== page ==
Adult woman covering her face with her hands as Judgy eyes and photos of Atopic dermatitis float around her.

I'm Still Not Comfortable Sharing Photographs

I have been an advocate for AtopicDermatitis.net for two years now. It has been amazing to share and read the stories of other members. We are all in the same boat, trying to find ways to improve our condition, whether that may be to examine our dietary needs, swap cream/ointment treatments, or ways to improve sleep, etc. We just want to be heard and understood.

The ways we advocate for understanding

One of the ways that our community makes it easy to be understood is by allowing us, the advocates, a voice to write and document our struggles. Another way is to share photos of what we are going through. Either via our articles or just generally through the community forums.

I am reluctant to share photos

Very rarely have I shared photographic images of my eczema. For some reason, I'm still not comfortable with sharing. And even when I have shared, my skin has not been at its worst. I feel a little guilty about being like this because other advocates do such a brilliant job in documenting their skin that, in theory, it should make it easier for me to be more open. Oddly it doesn't, although I am getting a little better at sharing.

I spent years hiding my eczema

Since I was a teenager, I can remember hiding away from people when my eczema flared. Those are awkward years without any ailments. Having eczema on top of that was simply horrendous. Perhaps this behavior became a habit that never really went away. So when it comes to suddenly being open and sharing images, it is a real problem for me. Why would you want to show off your skin when it looks really bad? That was my thinking. However, I am slowly coming around to the idea that doing so makes people feel less alone.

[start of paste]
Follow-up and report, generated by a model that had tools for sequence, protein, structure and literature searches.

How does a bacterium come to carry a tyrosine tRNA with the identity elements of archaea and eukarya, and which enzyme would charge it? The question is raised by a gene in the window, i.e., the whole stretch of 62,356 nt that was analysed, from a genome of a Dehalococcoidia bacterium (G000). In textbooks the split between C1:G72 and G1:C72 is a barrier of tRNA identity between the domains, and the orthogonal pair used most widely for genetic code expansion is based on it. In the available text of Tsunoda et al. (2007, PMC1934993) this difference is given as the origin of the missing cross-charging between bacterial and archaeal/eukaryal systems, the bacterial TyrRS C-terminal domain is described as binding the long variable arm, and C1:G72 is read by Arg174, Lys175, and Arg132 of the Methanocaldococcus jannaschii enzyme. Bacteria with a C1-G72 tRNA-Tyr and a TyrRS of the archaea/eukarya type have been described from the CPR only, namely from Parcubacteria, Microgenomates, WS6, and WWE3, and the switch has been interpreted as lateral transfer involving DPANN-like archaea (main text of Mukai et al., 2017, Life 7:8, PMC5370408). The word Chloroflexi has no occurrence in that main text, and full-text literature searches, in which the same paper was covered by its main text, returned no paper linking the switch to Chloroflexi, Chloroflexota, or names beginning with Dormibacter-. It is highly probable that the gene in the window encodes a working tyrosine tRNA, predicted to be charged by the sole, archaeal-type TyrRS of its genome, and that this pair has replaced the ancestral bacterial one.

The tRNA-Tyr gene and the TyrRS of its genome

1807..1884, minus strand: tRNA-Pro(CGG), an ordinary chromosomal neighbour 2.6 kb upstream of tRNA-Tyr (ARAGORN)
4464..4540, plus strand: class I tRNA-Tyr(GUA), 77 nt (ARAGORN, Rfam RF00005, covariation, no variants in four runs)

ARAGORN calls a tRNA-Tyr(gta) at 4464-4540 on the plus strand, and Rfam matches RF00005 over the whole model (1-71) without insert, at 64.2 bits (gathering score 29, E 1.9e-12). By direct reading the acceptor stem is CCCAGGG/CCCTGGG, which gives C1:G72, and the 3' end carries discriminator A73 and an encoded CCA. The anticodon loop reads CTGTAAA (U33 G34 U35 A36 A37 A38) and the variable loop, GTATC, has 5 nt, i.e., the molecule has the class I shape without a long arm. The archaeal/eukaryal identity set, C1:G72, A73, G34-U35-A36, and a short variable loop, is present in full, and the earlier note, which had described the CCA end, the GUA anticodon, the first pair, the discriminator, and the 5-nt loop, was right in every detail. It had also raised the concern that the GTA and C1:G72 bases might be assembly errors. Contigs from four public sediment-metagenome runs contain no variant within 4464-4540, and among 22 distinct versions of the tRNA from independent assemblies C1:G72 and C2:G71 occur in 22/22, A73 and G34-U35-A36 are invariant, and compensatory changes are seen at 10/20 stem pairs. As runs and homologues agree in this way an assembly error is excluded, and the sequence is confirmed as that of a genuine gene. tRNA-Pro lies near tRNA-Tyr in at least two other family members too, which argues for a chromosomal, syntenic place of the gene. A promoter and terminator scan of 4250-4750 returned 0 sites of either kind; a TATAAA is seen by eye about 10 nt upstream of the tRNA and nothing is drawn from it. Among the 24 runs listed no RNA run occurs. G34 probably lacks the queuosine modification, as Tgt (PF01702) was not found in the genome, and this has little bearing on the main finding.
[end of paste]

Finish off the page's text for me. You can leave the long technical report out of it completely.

I don't share my skin on social media

Ordinarily, I don't tend to share photos of my eczema on social media - I'm definitely not ready for that. At least when you share in the community, everyone knows and understands fully what the impact it has on your mental and physical health. Sharing on social media feels like I am looking for sympathy. Just to be clear, I am not saying other advocates who use social media platforms to show their skin to the world are looking for sympathy. This is just my feeling, and I should really try and get beyond this stifled thinking.

I still think about a photo I shared

One time, I remember having a conversation with another advocate on a social media site. I complained about my skin and how it made me feel, and she asked me to upload a photo. I could hardly say no as this person is a legend and shows their daily struggles seemingly without any problem at all, so I did. I uploaded a picture, and that was that. Even now, when I go through my photos, part of me wants to take them down, but that would be unfair and disloyal to anyone going through the same thing. So I resist the urge to delete it.

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This article represents the opinions, thoughts, and experiences of the author; none of this content has been paid for by any advertiser. The AtopicDermatitis.net team does not recommend or endorse any products or treatments discussed herein. Learn more about how we maintain editorial integrity here.

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